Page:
While listening to a favourite podcast of mine, This Week in Startups - I heard an interview with the CEO of Upstart, Dave Girouard, which really fascinated me. Upstart is a young company in the United States and although it is early in its development, I really believe that their business model could revolutionise personal funding in the same way that Kickstarter has done for projects and organisations. It really is innovation personified and I am extremely excited about its prospects.
To give some background, the general idea of the business is for young ambitious people to 'borrow' money from their future selves by taking a loan against their future career income. By having more capital to use in their 20's, they can look to jumpstart their career prospects and build a solid platform of skills and experiences which will serve them very well in the future. The best time to take risks and bet long on yourself is when you are young, as you have more enthusiasm, less commitments and generally more ambition.
Thus, by giving these youths capital now, they can invest in their long term goals by:
- Paying off those ridiculous student debts,
- Paying for their tertiary education,
- Starting a business,
- Attending that crucial workshop,
- Take a year off to study a craft,
- Or a number of other endeavours that can give them a boost and serve them very well in the long run!
The way they attract this capital is by 'selling equity in their future income' to investors.
Now this is a very crude way of explaining it, but is the easiest way to understand it. An investor will come in and will give the youth a lump sum payment (determined by Upstart using complex mathematical formulae) which can be used for personal investment in whatever way the youth decides. In return the investor has the right to receive a certain percentage of the youth's income over the next 10 years or so. (normally around 3%)
In this way, the investor is investing in the person and not necessarily one idea, company or ambition. This diversifying the investor's risk. For example, if you were to invest in a young entrepreneur - you are not simply betting on the profitability a single company, but rather on the prospect that in the first 5 companies that the youth starts - one will be a success.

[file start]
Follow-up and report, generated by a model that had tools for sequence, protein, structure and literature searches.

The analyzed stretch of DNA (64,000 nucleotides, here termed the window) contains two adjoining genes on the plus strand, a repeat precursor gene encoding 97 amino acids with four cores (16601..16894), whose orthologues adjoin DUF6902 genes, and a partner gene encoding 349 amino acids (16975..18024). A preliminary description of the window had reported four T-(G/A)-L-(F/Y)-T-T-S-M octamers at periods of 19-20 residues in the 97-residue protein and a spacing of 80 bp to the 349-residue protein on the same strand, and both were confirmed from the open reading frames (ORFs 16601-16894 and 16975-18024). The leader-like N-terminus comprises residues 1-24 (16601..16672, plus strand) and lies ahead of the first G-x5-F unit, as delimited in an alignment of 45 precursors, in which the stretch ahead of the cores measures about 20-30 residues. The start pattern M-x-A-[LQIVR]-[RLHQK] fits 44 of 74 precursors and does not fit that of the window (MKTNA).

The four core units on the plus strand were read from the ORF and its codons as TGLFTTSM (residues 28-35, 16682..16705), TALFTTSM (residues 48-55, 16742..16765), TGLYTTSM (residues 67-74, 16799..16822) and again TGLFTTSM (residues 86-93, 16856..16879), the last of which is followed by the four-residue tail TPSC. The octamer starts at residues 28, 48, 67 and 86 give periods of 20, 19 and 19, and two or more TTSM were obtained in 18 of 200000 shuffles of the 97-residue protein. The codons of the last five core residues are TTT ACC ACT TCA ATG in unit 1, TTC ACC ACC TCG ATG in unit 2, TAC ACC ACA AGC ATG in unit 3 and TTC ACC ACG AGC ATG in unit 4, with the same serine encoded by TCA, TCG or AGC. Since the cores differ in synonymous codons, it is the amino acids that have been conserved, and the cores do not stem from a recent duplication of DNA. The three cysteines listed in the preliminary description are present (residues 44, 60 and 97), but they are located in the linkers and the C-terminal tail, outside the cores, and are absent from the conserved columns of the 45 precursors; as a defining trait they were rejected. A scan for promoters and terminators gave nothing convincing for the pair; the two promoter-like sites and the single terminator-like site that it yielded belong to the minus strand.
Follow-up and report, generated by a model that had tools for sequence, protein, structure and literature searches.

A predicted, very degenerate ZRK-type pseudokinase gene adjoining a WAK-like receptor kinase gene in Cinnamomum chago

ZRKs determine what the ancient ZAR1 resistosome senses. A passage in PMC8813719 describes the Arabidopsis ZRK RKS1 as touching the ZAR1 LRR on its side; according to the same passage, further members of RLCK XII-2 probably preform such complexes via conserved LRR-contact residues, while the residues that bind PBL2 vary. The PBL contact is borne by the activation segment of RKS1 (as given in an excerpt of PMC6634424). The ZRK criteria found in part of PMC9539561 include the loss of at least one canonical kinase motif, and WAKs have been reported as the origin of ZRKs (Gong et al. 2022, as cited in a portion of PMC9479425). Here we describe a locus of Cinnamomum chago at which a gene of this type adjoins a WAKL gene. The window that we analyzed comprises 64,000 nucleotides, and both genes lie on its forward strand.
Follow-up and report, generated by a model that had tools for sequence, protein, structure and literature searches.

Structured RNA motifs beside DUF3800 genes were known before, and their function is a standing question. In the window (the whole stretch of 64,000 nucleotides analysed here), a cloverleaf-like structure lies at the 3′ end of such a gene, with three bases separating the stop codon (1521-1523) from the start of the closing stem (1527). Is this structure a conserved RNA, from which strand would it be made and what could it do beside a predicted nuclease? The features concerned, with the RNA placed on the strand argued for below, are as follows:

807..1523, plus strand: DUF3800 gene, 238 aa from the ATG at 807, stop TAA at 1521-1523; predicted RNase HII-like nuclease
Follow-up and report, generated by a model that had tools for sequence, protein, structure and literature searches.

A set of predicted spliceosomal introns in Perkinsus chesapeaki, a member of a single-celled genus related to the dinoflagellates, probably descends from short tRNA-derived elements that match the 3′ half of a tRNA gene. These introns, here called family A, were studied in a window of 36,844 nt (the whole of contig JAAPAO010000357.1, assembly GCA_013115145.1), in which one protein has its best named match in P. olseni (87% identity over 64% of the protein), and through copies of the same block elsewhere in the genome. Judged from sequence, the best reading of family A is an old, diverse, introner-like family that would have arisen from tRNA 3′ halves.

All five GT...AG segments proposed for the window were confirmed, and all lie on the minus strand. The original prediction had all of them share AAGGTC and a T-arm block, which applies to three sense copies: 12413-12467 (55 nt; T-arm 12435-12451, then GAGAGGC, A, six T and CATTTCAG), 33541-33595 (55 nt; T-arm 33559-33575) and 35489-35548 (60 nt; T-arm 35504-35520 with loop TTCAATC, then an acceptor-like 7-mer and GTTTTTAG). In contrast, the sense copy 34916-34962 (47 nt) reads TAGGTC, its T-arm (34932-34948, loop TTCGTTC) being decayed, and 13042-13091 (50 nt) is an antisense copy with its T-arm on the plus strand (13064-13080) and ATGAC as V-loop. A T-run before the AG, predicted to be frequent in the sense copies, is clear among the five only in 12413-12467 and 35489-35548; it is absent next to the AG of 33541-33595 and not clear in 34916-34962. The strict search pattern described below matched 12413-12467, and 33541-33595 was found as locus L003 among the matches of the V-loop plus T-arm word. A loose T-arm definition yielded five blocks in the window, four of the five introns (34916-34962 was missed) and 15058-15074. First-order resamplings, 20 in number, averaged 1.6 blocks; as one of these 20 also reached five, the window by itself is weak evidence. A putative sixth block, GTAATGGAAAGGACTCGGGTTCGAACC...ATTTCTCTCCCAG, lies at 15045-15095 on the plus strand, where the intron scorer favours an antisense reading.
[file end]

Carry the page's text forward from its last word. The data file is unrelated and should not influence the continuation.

Initially, I was quite put off my the idea because it sounded like a human stock market of sorts, but after more research it was clear that the company had put in place many other provisos and income caps to protect the upstarts, so that they didn't unknowingly lock themselves into indebted servitude.
Once it was legally in the clear, in my mind, I began to run through the various possibilities for such a platform.
It truly is an innovative business model that has the ability to do so much good for our society by allowing the leaders of tomorrow to jump a rung or two up the ladder. It inherently rewards ambitious people who want to add value and I believe this is a fantastic incentive.
Another aspect which really impressed me was that while the idea lends itself to people looking to gain technical skills with proven career paths (software engineers, programmers, website designers), it can also diversify to include artists, musicians, poets or a wide variety of other endeavours because sometimes all these people need is the time to perfect their craft, without worrying about financial constraints. They can just let the creativity flow and imagination becomes the only limit!
Imagine listening to a promising young musician and being able to invest in their future from as little as R500? Not in the record company, or the agent. But the artist himself. You can show faith in them, help them to gain access to the resources they need - and your money-making investment can actually have a positive impact on your community?
Bringing it closer to home, it seems South Africa could really benefit from ideas like this. With wealth so disproportionately distributed in our country - imagine the social change we could enact if those with the resources could invest in those talented, hard-working, ambitious people who don't have the capital necessary to go after their dreams. Not in the organisations they join, or the companies they feed into. But the people themselves. (Click to Tweet)
It is a powerful and a sobering thought.